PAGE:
Frightened locals have shared a chilling glimpse into the world of accused serial killer Rex Heuermann. Its creepy reputation led a neighbor to recall jokingly saying his spooky, run-down house was full of dead bodies.
The Manhattan architect appears to have lived a nightmarish double life, as those who knew him often give ambiguous descriptions of a meticulous Manhattan architect who defied his job by living in a “dungeon”-like house.
Local residents say the 59-year-old exhibited disturbing and threatening behavior at his sleepy Massapequa Park gated community, prompting neighborhood uproar and prompting some to order their children to avoid his home.
“We would cross the street,” Nicholas Ferchaw, 24, told the New York Times. “He was someone you don’t want to get close to.”
Heuermann remains in custody in New York and faces charges of triple first-degree murder as investigators continue to try to link him to the notorious Gilgo Beach serial killer.
Manhattan architect Rex Heuermann, 59, is charged with three murders attributed to the Gilgo Beach serial killer and is the prime suspect in the murder of a fourth victim
Nicholas Ferchaw (pictured) said the alleged killer had been so scary in the neighborhood that people would “walk across the street”.
While those who lived near Heuermann describe him as a cold, creepy individual who dressed shabbily, others who met him as Manhattan architects told a very different story.
“[He’s]a gem to deal with, extremely competent,” said Steve Kramberg, a Brooklyn real estate manager who has worked with Heuermann for 30 years.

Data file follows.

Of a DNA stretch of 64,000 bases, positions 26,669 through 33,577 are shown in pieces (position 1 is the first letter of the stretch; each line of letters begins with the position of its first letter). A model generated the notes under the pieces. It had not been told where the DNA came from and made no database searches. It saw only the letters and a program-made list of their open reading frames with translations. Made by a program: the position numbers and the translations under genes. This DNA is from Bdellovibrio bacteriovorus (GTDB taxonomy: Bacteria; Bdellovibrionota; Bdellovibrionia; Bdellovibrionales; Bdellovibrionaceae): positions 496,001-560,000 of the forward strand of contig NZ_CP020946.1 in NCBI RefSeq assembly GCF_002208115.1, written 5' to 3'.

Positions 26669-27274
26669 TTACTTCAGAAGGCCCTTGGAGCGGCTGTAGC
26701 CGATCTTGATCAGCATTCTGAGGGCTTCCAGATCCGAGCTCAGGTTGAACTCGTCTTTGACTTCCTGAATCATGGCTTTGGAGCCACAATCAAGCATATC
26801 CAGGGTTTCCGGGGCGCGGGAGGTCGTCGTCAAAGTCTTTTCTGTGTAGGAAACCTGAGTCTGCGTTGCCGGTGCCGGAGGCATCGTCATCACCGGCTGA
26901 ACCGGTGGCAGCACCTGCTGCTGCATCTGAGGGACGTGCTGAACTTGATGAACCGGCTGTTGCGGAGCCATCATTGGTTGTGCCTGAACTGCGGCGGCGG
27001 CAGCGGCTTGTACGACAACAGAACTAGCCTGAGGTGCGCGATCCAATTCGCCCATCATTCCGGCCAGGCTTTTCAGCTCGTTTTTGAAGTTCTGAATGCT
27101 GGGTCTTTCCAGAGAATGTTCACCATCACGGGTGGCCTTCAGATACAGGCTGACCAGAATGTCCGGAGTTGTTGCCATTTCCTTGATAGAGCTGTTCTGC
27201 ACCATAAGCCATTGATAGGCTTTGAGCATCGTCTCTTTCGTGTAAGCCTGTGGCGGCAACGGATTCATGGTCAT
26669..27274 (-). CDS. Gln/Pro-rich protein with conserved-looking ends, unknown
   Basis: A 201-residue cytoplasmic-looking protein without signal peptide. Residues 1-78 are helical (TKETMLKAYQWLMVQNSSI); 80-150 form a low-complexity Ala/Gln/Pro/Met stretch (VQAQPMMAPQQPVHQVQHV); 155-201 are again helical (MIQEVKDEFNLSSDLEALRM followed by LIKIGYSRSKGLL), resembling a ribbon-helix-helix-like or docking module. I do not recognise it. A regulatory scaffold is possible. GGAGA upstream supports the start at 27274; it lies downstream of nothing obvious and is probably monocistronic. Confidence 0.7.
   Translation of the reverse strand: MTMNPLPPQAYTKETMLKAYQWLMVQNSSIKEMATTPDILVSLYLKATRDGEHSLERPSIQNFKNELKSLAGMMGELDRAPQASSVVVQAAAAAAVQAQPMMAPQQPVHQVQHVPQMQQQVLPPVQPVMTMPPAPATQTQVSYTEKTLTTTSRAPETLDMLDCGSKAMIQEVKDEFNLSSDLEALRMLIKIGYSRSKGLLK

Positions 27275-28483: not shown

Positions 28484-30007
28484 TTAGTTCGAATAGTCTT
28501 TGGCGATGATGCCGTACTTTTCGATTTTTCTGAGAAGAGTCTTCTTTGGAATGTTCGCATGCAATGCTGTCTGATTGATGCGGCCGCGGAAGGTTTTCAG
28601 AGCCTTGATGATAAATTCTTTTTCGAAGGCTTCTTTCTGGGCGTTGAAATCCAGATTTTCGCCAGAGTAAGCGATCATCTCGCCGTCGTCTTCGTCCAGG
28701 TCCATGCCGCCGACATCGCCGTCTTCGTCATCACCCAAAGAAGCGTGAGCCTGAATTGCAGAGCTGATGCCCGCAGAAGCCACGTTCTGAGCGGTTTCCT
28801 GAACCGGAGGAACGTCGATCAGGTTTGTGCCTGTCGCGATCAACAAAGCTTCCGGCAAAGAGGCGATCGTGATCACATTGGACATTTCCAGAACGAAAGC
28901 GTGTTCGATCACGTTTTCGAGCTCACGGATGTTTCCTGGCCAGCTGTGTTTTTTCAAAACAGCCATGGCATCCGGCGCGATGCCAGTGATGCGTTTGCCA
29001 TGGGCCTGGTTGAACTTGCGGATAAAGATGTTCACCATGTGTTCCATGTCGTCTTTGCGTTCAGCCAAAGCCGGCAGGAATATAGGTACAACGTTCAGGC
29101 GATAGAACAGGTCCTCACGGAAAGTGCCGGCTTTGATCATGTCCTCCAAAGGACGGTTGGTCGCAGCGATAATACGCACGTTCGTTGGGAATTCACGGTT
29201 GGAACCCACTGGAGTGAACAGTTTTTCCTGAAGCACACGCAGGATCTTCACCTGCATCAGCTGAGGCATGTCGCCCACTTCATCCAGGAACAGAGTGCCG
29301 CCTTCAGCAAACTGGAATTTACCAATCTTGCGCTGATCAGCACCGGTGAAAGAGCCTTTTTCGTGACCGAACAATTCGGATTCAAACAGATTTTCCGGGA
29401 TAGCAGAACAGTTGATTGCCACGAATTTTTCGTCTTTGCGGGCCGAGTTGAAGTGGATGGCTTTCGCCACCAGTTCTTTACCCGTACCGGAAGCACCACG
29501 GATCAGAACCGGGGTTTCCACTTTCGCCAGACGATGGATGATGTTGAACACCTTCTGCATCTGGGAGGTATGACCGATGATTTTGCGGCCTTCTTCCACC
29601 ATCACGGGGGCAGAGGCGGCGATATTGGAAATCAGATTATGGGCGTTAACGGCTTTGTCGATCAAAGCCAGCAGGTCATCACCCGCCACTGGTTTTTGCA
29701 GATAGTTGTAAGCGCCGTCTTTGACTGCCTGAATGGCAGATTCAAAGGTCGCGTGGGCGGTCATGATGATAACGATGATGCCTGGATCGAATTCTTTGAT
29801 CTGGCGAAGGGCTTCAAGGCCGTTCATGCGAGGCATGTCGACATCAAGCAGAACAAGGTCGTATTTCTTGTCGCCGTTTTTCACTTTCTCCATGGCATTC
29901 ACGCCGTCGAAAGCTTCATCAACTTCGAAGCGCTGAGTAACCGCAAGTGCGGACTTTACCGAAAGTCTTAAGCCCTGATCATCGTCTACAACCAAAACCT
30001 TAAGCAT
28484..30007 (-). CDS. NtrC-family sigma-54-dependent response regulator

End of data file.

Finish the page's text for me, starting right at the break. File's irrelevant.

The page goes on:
He described him as a “big goofy dude” who was “a bit nerdy,” which manifested as a dedicated worker who was more than detailed in his work.
According to its website, Heuermann counted American Airlines and the New York City Department of Environmental Protection among its lucrative clients.
But while Kramberg said his 24/7 availability and attention to detail were a bonus, others were irked by his antics.
Paul Tietelbaun, former president of a building authority that hired Heuermann to do renovations, said he had shown the attitude: “I’m the expert, you’re lucky to have me.”
“[He was]a really cold and distant person, kind of creepy,” he added.
Another board member, Kelly Parisi, echoed this as she recalled how building managers eventually fired Heuermann for being “overly picky” and “hostile to everyone.”
However, this image of a high-spirited, lumbering hired man differs from the man known to his neighbors, who portray him as a troubled loner.
After hearing the news of his arrest, Ferchaw said he was “not surprised at all … because of all the creepiness.”
He added an eerie encounter with Heuermann, where he went to greet the architect on the street while he was cutting wood. He said the 59-year-old responded with silence and continued chopping wood while staring at him.
Those who knew Heuermann have given mixed descriptions, with some seeing him as a successful but lumbering Manhattan architect, while others saw him as a sinister loner
The gap between Heuermann’s life in Manhattan and his time on Long Island was noticed by neighbors shortly after his arrest, when dozens of people flocked to get a glimpse of his home.
Locals told DailyMail.com they felt they were “living in a true crime documentary” as details of the alleged killer’s secret crimes emerged.